The blog you nearly didn't get


Well, this is the blog post you nearly didn't get. Today I had to spend a day in an Emergency department at the hospital. Then I had to have a CT scan, only to find two kidney stones. One is on its way out, so that's why I'm posting a little earlier, just in case that pain comes back. The other isn't going to come out without an intervention involving a laser, it's 7mm so it can stay a while longer! Anyway, I am relatively pain free at the moment so here goes!


So many Americans buy new cars every year and are increasingly baffled by the technology, generally new safety features, and increasingly smart ways of staying connected on the journey between home and the super market. Don’t worry, we Brits are going through the exact same trauma.

In car technology
Not as confusing as some vehicles

Every three years my wife decides it’s time to upgrade the ride. Me, well I am quite happy with my Jaguar, (stereotypical Brit), it gets me from A-B and is a car. It’s built for two things, comfort and speed. As it is an older Jaguar, there’s nothing that jumps out at me before I start it. No fancy buttons to press, no rocket launcher type buttons, but my wife’s car; different story. Some woman likes to point out to me that the tyre pressure is low, there is no fuel, and I really need to pair my other phone.

By the time I start it, it has gone through the safety sequence, connected to a mobile phone, and heated the seats, I could have walked to the destination with a tortoise on a lead. Technology is actually slowing us down.

Some features automatically turn the car back into its lane should the driver close their eyes for a second and drift across into the other lane. Personally I wake up when I encounter the feeling of turbulence when the tyres bump over the painted lines. Some people like the feature, as for me, I am old school.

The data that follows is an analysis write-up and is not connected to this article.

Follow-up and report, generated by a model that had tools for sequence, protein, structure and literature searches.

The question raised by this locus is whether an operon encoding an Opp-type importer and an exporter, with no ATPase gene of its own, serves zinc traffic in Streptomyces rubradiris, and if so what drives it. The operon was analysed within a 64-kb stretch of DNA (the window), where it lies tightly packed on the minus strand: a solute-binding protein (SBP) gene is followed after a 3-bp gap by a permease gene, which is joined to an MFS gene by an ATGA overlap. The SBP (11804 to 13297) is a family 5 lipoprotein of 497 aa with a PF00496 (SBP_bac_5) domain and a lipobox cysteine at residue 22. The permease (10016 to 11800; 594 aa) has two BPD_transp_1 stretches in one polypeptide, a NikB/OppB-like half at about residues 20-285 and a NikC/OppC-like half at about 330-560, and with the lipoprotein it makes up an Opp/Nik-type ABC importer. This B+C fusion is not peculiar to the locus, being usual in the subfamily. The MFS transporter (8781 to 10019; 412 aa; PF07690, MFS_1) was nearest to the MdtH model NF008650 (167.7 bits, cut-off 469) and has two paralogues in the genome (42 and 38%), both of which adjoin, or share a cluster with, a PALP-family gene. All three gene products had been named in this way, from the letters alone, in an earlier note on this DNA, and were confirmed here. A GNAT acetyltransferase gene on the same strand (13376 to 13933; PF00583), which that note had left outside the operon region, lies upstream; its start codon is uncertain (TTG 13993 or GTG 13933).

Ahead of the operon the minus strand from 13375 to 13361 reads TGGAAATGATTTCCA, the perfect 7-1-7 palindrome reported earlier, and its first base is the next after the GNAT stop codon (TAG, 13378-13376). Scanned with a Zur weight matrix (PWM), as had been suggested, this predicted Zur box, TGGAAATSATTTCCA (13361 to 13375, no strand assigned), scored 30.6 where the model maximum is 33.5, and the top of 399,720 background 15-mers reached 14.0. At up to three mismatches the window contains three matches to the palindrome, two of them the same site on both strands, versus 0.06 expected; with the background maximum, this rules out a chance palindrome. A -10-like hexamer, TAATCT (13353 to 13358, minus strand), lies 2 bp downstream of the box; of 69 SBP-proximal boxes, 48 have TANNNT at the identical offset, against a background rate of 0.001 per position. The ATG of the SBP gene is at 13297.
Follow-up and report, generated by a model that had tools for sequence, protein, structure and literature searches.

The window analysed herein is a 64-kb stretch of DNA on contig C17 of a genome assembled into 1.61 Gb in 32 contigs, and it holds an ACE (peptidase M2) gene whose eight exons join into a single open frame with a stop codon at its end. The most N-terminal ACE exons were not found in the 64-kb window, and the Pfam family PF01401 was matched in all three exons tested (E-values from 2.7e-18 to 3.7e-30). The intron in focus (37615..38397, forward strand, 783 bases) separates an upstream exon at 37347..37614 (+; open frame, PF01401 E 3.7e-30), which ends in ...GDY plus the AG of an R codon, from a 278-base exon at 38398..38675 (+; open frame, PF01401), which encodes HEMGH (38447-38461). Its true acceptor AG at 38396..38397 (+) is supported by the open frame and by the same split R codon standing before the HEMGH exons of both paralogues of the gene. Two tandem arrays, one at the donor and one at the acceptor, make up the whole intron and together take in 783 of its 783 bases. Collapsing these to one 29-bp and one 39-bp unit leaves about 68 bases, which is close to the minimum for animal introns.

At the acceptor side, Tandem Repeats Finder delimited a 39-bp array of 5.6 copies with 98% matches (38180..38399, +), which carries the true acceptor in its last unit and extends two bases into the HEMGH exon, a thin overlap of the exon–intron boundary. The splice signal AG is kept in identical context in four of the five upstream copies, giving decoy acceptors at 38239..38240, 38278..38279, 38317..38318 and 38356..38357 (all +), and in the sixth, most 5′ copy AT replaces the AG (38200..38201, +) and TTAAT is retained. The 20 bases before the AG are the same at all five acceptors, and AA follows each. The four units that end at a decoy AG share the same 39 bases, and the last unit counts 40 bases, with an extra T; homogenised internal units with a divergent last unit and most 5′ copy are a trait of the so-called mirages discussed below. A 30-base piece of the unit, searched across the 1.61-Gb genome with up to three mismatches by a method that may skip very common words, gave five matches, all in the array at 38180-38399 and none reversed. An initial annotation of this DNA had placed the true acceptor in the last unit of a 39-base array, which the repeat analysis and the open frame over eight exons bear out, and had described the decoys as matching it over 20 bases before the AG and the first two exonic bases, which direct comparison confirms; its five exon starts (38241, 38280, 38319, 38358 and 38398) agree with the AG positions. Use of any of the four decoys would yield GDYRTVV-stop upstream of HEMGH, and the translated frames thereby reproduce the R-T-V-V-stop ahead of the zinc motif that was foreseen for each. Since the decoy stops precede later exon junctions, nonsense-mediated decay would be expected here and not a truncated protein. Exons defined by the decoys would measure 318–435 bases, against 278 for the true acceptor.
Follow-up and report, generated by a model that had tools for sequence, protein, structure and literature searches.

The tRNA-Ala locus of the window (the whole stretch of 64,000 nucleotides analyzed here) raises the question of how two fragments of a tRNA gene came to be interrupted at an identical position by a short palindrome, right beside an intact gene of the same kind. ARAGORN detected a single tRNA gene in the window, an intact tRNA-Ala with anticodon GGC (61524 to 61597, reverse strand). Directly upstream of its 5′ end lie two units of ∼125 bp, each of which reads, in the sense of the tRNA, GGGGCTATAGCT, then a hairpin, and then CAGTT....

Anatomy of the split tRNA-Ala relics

Technology once limited to high end luxury saloons is increasingly common in lower end cars. Everyone says that these new features hold tremendous potential to reduce accidents, eliminate collisions, or at the very least mitigate and reduce the potential for them to happen. But there is a major flaw, not least the Google self-driving car that was recently confused by a bike, but a degree in operating a vehicle’s features never comes as standard.

In fact, a good friend of mine recently purchased a very expensive vehicle full of buttons, screens, and safety features, last week he turned them off. Far too distracting. Reading the speedometer was like reading a Twitter feed apparently. In fact, his Twitter feed was coming up on a central screen while he was travelling down the M1 motorway. For those unfamiliar with the M1, it is essentially a car park that runs between just north of the Midlands and London. I am quite certain it is also a practice area for road work crews with an everlasting group of students.

My friend went back to the dealer for a two-hour lesson on using the cars features, but with less expensive models, that’s not really an option. The owner’s manual of my Jaguar is written in multiple languages so I can understand that it should be quite a hefty volume, but some of the owner’s manuals I have seen recently are like a full set of Encyclopaedia Britannica. They seem to have become manuals written by lawyers for lawyers. Now I am not sure about you, but I prefer to pick up a new car and go for a drive with a picnic packed in the trunk. I don’t want to read a 500-page opus that tells me that the beeping sound is an alert that I am just about to kill someone in my blind spot.